A show reaching its 100th episode can be a gift and a curse. On one hand, hitting this milestone is proof that the writers and actors have created characters that resonate with a mass audience. On the other hand, when you produce that much quantity over the course of several years it’s hard to consistently maintain the quality. The Walking Dead finds itself at this crossroad with its 100th episode, “Mercy,” which also serves as the premiere of the AMC hit’s pivotal eighth season.
There’s no question that The Walking Dead is still popular: A whopping 17 million viewers tuned in to the start of season seven to find out who was at the receiving end of Negan’s barbwire bat, but the last chapter in Rick and Co.’s journey ended at a five-year finale low with only 11.3 million viewers. Most shows would kill for numbers like that but when it comes to TWD that’s a significant drop and cause for concern. So the 100th episode presents an opportunity to either breathe new life into the series or continue its downward spiral.
While the premiere doesn’t rank up there with some of The Walking Dead’s best season openers, “Mercy” does maintain the status quo and—for better or for worse—reintroduces the cocksure Rick Grimes that fans have come to love. In fact, it was the uncharacteristic timidness of the show’s protagonist throughout much of season seven that turned most people off. It’s understandable that for Negan to establish his my-way-or-the-highway dominance he had to psychologically break Rick down but suffering through week after week of our hero sniffling through scenes was its own form or torture. Not just because it hurt to see your favorite characters getting punked over and over, but the monotony of it all made for lackluster storytelling. One of the season’s only saving graces were the captivating monologues and one-liners by Negan, but this also represented the major problem with season seven.
From the very beginning it was established that The Walking Dead is Rick Grimes’ story, but that dynamic shifted drastically last season. Negan was not only the new alpha male of the series, but when one of his cronies first told Daryl, Sasha, and Abraham that “your property now belongs to Negan” that must have also included the show too. As much as I enjoy Jeffrey Dean Morgan’s performance as the charismatic antagonist, people tune in to see Rick and Co.’s journey not Negan’s. Sure, a one-off episode here or there like the amazing two-part backstory of the Governor in season four (“Live Bait,” “Dead Weight”) is great, but a full season-long detour through Saviors land was a bit off-putting.
I want to see the Grimes gang get their swagger back as much as the next fanboy/fangirl, but I also want it to be believable.
By time we get to episode 100, though, things are back to normal with Rick in beast mode, making bold promises about taking Negan out. He has a plan, tons of guns, and a large group of allies. It all sounds good, but we’ve been here before. The first time the Grimes gang took on the Saviors they successfully slaughtered the members of Negan’s outpost, but they had no clue that there were several others and essentially started a fight they couldn’t win. This time in addition to more backup, which includes members of the Hilltop and Kingdom, they also have Dwight operating as a double agent inside the Sanctuary.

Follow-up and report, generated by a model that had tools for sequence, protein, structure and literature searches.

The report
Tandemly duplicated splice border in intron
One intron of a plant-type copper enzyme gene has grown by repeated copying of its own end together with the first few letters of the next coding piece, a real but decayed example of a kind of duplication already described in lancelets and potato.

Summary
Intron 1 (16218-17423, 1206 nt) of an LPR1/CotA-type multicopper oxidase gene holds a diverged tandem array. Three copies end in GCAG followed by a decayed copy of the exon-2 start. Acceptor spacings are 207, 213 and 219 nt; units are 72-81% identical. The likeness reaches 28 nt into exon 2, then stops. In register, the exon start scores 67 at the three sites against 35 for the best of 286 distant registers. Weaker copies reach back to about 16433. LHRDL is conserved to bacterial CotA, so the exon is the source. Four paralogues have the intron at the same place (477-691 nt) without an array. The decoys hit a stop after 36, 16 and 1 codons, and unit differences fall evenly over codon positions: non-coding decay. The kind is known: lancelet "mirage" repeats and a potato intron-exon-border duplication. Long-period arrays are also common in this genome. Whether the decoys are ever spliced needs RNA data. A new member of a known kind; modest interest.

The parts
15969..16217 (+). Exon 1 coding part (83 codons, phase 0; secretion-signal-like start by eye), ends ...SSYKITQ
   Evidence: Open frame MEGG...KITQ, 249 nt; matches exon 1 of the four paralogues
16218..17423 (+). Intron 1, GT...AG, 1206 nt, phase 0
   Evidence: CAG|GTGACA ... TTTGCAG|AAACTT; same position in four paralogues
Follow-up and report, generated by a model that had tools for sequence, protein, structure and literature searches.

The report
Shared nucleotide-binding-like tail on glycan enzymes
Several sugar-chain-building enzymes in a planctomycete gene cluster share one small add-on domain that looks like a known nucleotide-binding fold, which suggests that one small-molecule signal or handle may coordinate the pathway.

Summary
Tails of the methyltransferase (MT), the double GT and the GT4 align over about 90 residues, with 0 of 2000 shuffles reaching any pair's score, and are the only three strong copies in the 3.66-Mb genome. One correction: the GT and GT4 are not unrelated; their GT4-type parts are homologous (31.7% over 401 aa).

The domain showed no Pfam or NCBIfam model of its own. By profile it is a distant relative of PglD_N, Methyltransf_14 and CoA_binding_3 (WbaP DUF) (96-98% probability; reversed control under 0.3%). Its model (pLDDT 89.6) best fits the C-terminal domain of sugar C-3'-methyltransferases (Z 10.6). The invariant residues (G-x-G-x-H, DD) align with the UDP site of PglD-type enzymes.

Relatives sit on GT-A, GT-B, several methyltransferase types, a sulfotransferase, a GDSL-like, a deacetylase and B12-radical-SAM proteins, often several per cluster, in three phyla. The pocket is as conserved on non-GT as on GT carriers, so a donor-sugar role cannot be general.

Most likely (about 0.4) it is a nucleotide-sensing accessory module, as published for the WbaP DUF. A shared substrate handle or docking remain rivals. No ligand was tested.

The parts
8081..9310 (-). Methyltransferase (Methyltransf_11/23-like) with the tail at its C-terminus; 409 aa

Although things go mostly according to plan, the million-dollar question still remains: How the hell did we get here? Like I said earlier, Rick was broken. In Negan’s own eloquent words, he figuratively slid his dick down Rick’s throat and Rick thanked him for it. That’s not a position that someone just magically gets out of. But somehow by last year’s midseason finale—that’s eight episodes—Rick gets a battery in his back and starts plotting a cross-community uprising. It’s like the psychological warfare he endured—that included watching two of his friends get their brains brutally bashed in with a bat and frantically weeping when Negan threatened to kill someone else if Rick didn't chop off Carl's arm—never happened. I want to see the Grimes gang get their swagger back as much as the next fanboy/fangirl, but I also want it to be believable.
The season eight premiere also contains portions that seem disconnected from reality. There’s no clear breakdown of how much time has passed since last year’s finale, but it doesn’t seem long enough for Rick to have forgotten what happened throughout the front half of last season. I mean, Judith, who has been a baby since season three, had a growth spurt overnight and looks big enough to grab a gun and join in the battle, but yet Maggie still doesn’t have a visible baby bump.
Continuity issues aside, “Mercy” succeeds in re-centering the series on our core cast of characters—although some of them can’t seem to learn from their mistakes. Even after Gregory is revealed to be more of a spineless snake than we already knew him to be, Father Gabriel, who’s bossed up considerably since we first met him, puts his neck on the line for Gregory, who leaves Gabriel to die at the very first opportunity. It’s poor judgment calls like this that constantly make you shake your fist at the screen, but 100 episodes in I guess it’s a good sign that we still feel anything at all for a show that fluctuates between frustrating at its worst and fun at its best.